Into The New Year …

As we start 2023, let’s take a look at a chart put out by the Chicago Fed, the Financial Conditions Index, which measures the current economic conditions in the US using a matrix of economic statistics. Higher values reflect deteriorating conditions and lower values represent improving conditions. As the reader will note below, there is no sign of an impending recession.


Corporate credit spreads (i.e., the difference between junk yields and higher quality yields) are narrow also suggesting that there is no economic strain. Further, liquidity in banking circles and within the corporate world is ample – also strongly suggesting that there is no imminent risk of recession.


One of our predictions for 2023, as outlined in our year end Commentary, is that international stocks would outperform US equities – continuing the outperformance started last year. India is becoming a manufacturing hub for many international companies looking to diversify their supply chain out of China. Apple has already set up shop and started to produce several of its products in the country, with more to come. India is a democracy with a huge population (recently estimated to exceed China’s population) which is young, quite digitally literate and which speaks English. The Indian economy is slated to be the fastest growing large economy (already #5) in 2023, projected to grow +6.6% as compared to the US at 0.5% and China at 4.3%. There is political will behind the development of the country. More than $24B of incentives will be provided to help over a dozen industries (think solar panels, mobile phones, semiconductors) compete against China. Last month, US Commerce Secretary Gina Raimondo told CNBC that the US is looking to collaborate with India on manufacturing jobs to boost competition with China. According to some investors, China is uninvestable today because of unpredictable politics. India is increasingly recognized as the next stop on the globalization supply chain, increasingly looked at as China was 40 years ago with a burgeoning middle class and a young workforce.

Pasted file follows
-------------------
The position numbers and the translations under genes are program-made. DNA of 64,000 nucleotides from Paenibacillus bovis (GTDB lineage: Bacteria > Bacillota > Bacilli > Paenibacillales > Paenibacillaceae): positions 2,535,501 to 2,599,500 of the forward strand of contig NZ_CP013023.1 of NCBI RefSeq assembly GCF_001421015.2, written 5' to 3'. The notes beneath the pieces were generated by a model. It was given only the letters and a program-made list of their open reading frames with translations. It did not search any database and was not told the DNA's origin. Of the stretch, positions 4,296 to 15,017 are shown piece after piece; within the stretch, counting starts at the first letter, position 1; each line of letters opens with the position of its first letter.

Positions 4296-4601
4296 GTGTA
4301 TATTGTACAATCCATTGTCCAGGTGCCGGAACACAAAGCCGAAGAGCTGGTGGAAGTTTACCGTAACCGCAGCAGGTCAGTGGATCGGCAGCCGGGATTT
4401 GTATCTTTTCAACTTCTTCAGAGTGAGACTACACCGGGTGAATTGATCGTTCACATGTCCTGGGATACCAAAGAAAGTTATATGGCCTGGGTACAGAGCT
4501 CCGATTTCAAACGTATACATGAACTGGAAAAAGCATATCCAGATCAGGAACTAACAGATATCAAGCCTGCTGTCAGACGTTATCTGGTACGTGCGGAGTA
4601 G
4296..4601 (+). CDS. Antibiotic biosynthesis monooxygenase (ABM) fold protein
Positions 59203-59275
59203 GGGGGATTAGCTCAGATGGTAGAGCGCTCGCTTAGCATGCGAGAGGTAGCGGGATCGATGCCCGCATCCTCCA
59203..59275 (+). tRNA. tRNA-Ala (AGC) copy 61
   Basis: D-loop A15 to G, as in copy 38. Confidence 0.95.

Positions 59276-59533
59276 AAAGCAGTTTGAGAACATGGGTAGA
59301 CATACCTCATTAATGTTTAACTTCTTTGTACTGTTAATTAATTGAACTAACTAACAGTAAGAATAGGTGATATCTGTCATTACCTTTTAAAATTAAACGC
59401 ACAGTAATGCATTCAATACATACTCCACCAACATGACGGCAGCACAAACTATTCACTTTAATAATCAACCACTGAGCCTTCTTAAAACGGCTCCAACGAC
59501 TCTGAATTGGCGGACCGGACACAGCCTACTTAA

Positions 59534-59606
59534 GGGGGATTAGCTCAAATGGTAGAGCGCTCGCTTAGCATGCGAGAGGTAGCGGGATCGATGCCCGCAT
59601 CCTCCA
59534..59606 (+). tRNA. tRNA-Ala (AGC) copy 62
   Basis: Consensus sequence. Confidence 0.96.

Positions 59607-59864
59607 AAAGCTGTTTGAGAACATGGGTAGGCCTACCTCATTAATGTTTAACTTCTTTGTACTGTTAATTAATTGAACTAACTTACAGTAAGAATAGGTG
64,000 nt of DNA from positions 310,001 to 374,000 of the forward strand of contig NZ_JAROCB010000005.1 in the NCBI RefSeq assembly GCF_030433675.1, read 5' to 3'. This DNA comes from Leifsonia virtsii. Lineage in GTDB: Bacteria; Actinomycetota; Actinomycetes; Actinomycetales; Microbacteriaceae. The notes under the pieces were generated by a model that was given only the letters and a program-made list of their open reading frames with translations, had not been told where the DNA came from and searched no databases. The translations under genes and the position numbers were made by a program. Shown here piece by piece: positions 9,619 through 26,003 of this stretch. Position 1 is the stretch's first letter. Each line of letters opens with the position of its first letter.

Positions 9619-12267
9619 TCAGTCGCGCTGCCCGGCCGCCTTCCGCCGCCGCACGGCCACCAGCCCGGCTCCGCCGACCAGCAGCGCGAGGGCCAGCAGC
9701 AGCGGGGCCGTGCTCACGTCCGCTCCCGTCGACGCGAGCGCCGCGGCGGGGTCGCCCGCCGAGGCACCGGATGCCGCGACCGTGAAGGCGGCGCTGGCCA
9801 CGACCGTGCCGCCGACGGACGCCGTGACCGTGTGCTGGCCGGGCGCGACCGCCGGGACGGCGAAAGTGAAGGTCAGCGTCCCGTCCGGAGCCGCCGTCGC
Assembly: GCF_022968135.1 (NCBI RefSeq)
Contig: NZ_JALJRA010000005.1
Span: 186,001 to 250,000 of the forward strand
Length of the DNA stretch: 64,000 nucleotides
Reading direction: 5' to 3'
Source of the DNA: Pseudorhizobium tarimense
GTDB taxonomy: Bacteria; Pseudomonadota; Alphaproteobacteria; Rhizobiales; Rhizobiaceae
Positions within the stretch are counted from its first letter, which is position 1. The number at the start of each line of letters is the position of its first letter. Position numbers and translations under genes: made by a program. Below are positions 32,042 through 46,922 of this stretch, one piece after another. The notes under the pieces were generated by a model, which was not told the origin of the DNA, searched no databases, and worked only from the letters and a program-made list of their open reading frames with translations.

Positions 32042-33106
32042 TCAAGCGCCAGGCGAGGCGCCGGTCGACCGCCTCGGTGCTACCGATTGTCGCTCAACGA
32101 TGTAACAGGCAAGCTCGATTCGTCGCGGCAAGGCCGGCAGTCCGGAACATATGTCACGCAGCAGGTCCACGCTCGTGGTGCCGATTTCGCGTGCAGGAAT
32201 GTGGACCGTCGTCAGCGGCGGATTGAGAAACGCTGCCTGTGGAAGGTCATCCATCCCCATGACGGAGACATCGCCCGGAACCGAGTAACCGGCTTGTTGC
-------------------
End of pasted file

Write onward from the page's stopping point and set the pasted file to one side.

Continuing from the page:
Historically, it has been the case that dividends provide a significant portion of an investor’s total return. In 2022, even while stock prices were declining, dividends were raised by corporate America to a record high of $562.9B as demonstrated in Chart 2 below.


In fact, for many stocks in 2022, the only positive return they provided their owners was from a dividend. Further, the importance of dividends over time cannot be overstated for long term investors. In Chart 3 to follow, the current yield on an investor’s cost in the S&P 500 invested during various time periods dating from 1970 is outlined. Those current yields range from 77.6% (1970 vintage investment) to 5.1% (2000 vintage investment). In short, owning a well-diversified portfolio of growing companies which grow their dividends should do well for any investor over time.